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Sunday, 15 February 2015 16:00

Brewing Knowledge: Michigan schools to add talent, capacity to growing craft beer industry

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The Mountain Town Station Brewing Tap Room will participate in the new brewing certificate program at Central Michigan University. The Mountain Town Station Brewing Tap Room will participate in the new brewing certificate program at Central Michigan University. COURTESY PHOTO

Many successful craft brewers have relied on a very inexact science to learn and master their craft and bring it to market. For those companies, the do-it-yourself mentality serves as the romantic side of brewing.

However, a handful of Michigan-based higher education institutions are taking major steps to groom the industry’s next generation of talent with brewing-centric degree programs, equipping students with more multidimensional knowledge about the science, engineering and sustainability practices that go into brewing and related industries.

“In Michigan, generally, brewing has worked on more of an apprenticeship basis, but in talking with schools like Oregon State where they have a (brewing) program, they actually have brewers around the nation that look at their students,” said Cordell DeMattei, director of fermentation science at Central Michigan University. “These students have the science background and technical abilities that might be lacking in an apprenticeship model.”

DeMattei is at the helm of a CMU certificate program in fermentation science, which was announced last September and will welcome its first students in the fall.

In January of this year, Western Michigan University and Kalamazoo Valley Community College announced a collaboration to offer the nation’s first degree program in sustainable brewing, which will also kick off in the fall.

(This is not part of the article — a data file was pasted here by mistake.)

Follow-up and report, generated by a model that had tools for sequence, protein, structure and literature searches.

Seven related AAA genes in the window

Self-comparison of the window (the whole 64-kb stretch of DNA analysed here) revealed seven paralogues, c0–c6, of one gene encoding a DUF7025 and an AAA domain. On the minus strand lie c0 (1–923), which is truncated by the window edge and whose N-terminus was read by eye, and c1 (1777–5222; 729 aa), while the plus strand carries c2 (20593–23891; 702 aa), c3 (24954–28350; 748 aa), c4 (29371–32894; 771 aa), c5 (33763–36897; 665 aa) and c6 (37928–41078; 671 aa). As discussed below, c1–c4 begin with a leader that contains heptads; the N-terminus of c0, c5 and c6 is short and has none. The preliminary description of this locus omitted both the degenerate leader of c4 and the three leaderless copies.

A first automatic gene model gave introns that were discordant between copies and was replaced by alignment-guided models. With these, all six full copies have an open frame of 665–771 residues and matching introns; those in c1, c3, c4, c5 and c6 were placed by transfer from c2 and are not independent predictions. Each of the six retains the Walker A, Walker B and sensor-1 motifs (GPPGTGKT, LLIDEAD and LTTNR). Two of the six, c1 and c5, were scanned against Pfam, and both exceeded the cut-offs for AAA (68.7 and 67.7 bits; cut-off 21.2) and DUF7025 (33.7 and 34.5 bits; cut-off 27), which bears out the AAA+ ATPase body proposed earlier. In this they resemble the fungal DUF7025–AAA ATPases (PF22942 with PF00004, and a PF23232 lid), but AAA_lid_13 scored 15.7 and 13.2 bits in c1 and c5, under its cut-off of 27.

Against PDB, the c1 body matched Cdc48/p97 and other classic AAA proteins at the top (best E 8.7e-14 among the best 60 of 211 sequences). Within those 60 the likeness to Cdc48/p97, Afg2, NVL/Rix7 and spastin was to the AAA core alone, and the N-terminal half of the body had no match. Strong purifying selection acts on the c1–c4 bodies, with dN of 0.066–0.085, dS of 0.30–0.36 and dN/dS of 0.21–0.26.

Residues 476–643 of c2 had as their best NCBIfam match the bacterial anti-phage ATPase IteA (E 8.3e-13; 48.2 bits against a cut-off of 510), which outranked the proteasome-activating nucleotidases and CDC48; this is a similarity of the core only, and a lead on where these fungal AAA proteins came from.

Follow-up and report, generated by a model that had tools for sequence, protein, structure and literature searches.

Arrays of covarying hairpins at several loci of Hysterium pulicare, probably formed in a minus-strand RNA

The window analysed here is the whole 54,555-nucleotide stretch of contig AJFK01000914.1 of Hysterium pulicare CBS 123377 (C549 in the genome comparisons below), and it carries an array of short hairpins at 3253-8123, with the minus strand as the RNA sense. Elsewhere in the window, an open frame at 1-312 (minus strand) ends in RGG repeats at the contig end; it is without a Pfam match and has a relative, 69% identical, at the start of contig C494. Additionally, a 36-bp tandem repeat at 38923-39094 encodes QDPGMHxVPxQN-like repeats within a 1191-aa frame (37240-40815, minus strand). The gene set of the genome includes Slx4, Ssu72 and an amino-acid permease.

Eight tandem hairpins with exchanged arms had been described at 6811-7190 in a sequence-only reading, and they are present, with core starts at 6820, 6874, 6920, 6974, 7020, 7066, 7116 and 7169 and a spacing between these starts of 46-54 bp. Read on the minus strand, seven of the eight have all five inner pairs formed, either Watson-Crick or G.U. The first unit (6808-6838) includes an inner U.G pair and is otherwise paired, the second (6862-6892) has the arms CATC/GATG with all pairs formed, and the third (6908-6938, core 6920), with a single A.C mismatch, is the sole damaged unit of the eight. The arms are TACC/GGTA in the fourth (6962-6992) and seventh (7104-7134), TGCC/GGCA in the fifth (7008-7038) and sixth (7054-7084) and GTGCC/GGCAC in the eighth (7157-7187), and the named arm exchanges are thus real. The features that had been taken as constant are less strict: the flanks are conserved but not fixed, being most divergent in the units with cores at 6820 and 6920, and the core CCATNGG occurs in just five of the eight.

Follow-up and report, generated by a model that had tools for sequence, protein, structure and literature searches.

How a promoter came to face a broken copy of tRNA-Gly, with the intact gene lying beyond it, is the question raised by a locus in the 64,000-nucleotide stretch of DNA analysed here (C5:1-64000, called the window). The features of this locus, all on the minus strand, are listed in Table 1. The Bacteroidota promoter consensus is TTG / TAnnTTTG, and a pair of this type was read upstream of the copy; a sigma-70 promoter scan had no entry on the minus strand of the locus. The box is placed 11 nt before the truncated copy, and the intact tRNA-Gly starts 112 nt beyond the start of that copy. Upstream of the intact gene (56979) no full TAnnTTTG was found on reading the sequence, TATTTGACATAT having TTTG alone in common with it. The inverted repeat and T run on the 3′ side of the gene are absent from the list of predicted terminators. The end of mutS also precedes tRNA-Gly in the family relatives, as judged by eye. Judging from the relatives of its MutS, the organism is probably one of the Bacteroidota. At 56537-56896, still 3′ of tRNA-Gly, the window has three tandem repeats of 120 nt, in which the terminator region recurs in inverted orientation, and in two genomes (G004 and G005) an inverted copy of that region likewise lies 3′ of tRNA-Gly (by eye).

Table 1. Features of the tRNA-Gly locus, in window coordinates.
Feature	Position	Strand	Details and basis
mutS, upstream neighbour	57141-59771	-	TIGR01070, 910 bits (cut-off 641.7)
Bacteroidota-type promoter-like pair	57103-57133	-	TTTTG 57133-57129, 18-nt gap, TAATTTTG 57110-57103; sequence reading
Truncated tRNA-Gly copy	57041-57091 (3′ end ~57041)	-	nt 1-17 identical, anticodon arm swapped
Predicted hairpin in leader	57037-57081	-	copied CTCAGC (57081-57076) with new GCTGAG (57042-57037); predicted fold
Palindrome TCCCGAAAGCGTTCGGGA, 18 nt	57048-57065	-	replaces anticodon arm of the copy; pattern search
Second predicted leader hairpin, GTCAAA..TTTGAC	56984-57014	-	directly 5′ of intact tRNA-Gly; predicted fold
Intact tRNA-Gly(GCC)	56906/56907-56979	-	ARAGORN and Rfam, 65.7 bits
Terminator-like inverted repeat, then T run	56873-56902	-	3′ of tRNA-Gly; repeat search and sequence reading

Ferris State University is also working to develop a Bachelor of Science degree in industrial chemistry, which implements a separate track for fermentation science.

While these programs are among the few offerings nationwide that deliver an education focused on craft brewing, there are still like-minded higher educational programs in Michigan that focus on other craft beverages, including Michigan State University’s artisan distilling program and the enology and viticulture program at Lake Michigan College.

“I think it’s more of the industry proving that it’s not just a flash in the pan,” said DeMattei, explaining the call to action for CMU’s brewing-centered program, which will accept 24 students in its inaugural year.

“It’s continuing to grow with not much sign of going away,” he said. “Nationwide, many people are shifting their tastes from mass-produced beer to craft beer. It is great to start (a program) earlier because there is plenty of room to play. There are so many breweries.”

HEAVY INDUSTRY INVOLVEMENT

With these programs, identifying industry needs and key points of emphasis took on a truly collaborative effort between the schools and local industry leadership.

The sustainable brewing degree offered by KVCC and WMU implements an advisory board made up of 11 members of the brewing industry throughout Michigan.

The advisory board has met once to discuss what will shape the direction of the program, which entails 96 credit hours, including a 30-hour certificate from KVCC. Students can earn an associate degree at KVCC and move on seamlessly to WMU to complete a Bachelor of Science degree, which involves a curriculum heavy on science.